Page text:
Coming full circle on a campaign promise, the Obama administration will propose Wednesday to reduce the amount of smog-forming pollution allowed in the air.
The stricter standard makes good on a pledge President Barack Obama made during his first campaign for the White House and one of his first environmental actions as president: reversing a decision by President George W. Bush to set a limit weaker than scientists advised. In 2011, amid pressure from Republicans and industries, and facing a battle for re-election, Obama reneged on a plan by then-Environmental Protection Agency administrator Lisa Jackson to lower the permissible level to be more protective of public health.
The initial range of 60 to 70 parts per billion proposed by the EPA in January 2010 would make it one of the most expensive regulations ever issued, with an estimated $19 billion to $90 billion price tag and would have doubled the number of counties in violation. People familiar with the proposal told The Associated Press that the agency would propose a preferred range of 65 to 70 parts per billion. The agency's scientific advisers had endorsed a standard of 60 parts per billion.
The agency will seek comment on 60 parts per billion as well as the current standard of 75 parts per billion put in place by Bush in 2008. Those familiar with the proposal were not authorized to discuss it by name ahead of the official announcement and spoke on condition of anonymity. The agency was under a court-ordered Dec. 1 deadline to issue a new proposal.
"Seldom do presidents get an opportunity to right a wrong," said Bill Becker of the National Association of Clean Air Agencies, one of numerous advocacy groups that were enraged by the White House's decision to table the first proposal.
In response to the new proposal, he said "Obama has walked the walk on air."
The new standard caps a string of historic moves by the Obama administration to improve air quality. The EPA has issued or proposed the first regulations ever to control heat-trapping carbon dioxide, mercury and air toxics from power plants. The administration also has doubled fuel-efficiency standards for car and trucks, and clamped down on industrial pollution that blows downwind and contaminates other states.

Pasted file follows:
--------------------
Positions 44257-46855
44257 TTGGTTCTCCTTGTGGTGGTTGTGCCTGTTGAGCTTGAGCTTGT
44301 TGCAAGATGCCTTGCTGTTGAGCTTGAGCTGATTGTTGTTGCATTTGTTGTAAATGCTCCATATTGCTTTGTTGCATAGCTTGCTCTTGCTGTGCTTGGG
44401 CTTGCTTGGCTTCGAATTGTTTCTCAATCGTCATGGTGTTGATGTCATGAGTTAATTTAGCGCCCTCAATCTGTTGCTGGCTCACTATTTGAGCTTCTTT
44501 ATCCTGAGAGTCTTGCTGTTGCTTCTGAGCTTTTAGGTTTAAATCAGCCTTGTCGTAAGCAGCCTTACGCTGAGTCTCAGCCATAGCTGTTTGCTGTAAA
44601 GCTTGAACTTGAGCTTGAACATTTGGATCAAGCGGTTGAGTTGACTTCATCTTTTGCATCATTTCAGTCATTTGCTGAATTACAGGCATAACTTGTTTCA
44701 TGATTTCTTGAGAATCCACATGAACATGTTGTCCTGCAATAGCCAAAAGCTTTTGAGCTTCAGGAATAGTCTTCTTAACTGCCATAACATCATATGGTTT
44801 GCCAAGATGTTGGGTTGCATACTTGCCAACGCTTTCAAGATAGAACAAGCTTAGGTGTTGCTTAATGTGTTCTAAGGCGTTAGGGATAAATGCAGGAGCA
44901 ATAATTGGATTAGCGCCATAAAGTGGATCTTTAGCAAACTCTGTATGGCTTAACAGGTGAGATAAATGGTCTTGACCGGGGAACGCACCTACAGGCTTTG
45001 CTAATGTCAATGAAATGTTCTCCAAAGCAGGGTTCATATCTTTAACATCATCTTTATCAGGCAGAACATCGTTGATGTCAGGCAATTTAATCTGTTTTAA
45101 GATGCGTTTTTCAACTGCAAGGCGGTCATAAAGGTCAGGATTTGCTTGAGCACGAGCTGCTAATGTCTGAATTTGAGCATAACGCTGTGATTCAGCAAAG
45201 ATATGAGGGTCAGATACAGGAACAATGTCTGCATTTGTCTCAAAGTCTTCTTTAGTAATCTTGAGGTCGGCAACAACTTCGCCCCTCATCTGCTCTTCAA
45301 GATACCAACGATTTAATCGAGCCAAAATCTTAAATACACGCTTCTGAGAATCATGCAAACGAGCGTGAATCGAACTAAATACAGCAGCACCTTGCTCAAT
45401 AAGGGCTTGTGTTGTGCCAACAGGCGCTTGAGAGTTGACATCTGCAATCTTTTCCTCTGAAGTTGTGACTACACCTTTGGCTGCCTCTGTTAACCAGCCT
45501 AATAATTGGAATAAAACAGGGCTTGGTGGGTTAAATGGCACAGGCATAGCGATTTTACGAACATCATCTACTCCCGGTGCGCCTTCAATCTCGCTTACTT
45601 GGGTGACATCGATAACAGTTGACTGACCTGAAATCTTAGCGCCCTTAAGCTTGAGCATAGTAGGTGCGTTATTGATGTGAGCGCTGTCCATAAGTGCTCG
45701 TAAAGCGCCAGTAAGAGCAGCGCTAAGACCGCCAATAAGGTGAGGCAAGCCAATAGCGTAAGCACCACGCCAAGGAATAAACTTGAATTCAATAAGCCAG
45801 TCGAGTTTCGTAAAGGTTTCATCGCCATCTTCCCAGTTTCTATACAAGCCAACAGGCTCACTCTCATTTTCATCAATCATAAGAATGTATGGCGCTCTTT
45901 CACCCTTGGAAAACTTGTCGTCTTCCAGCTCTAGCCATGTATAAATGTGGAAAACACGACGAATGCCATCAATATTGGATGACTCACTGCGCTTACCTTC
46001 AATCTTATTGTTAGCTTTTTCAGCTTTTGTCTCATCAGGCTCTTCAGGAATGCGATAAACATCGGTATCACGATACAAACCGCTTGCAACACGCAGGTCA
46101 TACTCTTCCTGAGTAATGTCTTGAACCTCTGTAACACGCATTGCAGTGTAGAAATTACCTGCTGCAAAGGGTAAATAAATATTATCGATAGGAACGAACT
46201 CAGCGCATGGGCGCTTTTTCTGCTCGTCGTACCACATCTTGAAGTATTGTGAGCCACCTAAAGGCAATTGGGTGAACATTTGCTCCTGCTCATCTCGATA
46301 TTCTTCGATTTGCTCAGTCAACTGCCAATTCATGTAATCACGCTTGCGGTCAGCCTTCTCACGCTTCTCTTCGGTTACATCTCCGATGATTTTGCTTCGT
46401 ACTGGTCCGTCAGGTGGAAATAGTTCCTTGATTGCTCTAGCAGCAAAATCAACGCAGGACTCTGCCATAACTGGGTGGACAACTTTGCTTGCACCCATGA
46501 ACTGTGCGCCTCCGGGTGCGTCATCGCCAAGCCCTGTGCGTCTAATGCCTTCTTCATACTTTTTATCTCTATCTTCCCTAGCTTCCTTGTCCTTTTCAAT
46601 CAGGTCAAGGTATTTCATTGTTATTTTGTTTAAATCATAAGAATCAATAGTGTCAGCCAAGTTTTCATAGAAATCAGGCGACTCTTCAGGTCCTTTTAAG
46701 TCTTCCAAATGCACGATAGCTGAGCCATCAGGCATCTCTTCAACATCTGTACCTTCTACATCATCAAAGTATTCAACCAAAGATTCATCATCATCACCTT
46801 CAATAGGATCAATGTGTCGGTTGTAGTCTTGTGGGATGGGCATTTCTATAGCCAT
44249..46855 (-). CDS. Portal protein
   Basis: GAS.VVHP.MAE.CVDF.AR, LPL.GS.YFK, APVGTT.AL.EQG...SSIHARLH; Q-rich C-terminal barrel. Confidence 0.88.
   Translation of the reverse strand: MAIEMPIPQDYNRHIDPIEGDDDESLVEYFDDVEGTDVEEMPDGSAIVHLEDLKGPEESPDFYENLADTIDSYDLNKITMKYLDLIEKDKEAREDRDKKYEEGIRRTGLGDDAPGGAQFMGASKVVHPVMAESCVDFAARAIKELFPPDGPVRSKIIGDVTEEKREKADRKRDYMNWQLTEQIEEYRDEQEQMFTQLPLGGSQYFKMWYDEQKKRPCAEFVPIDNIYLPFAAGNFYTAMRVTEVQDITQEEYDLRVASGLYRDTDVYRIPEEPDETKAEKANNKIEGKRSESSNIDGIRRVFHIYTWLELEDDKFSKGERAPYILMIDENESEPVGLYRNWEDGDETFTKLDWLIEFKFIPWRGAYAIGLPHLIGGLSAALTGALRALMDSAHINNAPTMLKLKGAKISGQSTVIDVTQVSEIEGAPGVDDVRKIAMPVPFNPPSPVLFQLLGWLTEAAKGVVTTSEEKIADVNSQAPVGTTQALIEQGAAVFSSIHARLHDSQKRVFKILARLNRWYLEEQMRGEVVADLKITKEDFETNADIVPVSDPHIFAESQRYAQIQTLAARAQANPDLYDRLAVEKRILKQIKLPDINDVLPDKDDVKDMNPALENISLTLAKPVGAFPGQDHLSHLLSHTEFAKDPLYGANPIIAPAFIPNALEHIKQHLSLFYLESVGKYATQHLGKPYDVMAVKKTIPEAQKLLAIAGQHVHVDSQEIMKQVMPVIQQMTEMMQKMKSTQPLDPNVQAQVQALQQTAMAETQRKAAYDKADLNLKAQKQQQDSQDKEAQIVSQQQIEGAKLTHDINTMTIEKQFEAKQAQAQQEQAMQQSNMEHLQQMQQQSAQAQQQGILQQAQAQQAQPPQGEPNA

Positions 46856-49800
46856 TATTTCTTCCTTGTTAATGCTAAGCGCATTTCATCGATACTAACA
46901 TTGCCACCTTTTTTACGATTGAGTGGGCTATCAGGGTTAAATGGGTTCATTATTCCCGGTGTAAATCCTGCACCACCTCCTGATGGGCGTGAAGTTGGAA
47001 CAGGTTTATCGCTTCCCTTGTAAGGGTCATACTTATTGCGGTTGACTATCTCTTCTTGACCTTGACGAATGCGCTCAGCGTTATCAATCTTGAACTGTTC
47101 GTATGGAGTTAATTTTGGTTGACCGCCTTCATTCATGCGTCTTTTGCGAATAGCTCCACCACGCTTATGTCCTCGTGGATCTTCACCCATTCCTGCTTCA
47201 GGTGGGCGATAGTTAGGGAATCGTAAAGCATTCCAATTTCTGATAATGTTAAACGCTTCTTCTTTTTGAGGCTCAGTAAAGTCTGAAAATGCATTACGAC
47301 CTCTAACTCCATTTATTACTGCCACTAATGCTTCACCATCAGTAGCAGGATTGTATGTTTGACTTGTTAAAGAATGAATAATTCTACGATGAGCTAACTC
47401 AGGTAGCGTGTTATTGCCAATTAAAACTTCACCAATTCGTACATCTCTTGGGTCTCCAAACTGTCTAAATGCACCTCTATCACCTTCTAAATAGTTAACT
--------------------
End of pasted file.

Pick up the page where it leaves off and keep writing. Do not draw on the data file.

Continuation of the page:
The Supreme Court on Tuesday said it would review the first-ever limits on mercury and air toxics, and whether EPA should have considered the cost of the regulation.
Other rules are likely to be targeted when Republicans take over Congress early next year.
Sen. James Inhofe (R) of Oklahoma, who will take over the Environment and Public Works Committee in January, said in a statement Tuesday night that a stricter standard "will lower our nation's economic competitiveness and stifle job creation for decades" and vowed "vigorous oversight" of the proposal in his new position.
In a call with reporters Tuesday, the American Petroleum Institute said the EPA should retain the current standard.
Under the initial proposal, the number of counties in violation of the new standard nationwide would double. Smog cities such as Los Angeles and Houston would have been joined by California's Napa Valley and a county in Kansas with a population of 3,000. A higher range will mean fewer counties will be out of compliance. Also, other air pollution rules will likely ease the burden on counties and states by reducing smog-forming ground-level ozone as side effect.
States would have up to 20 years to meet the new limits, or could face federal penalties.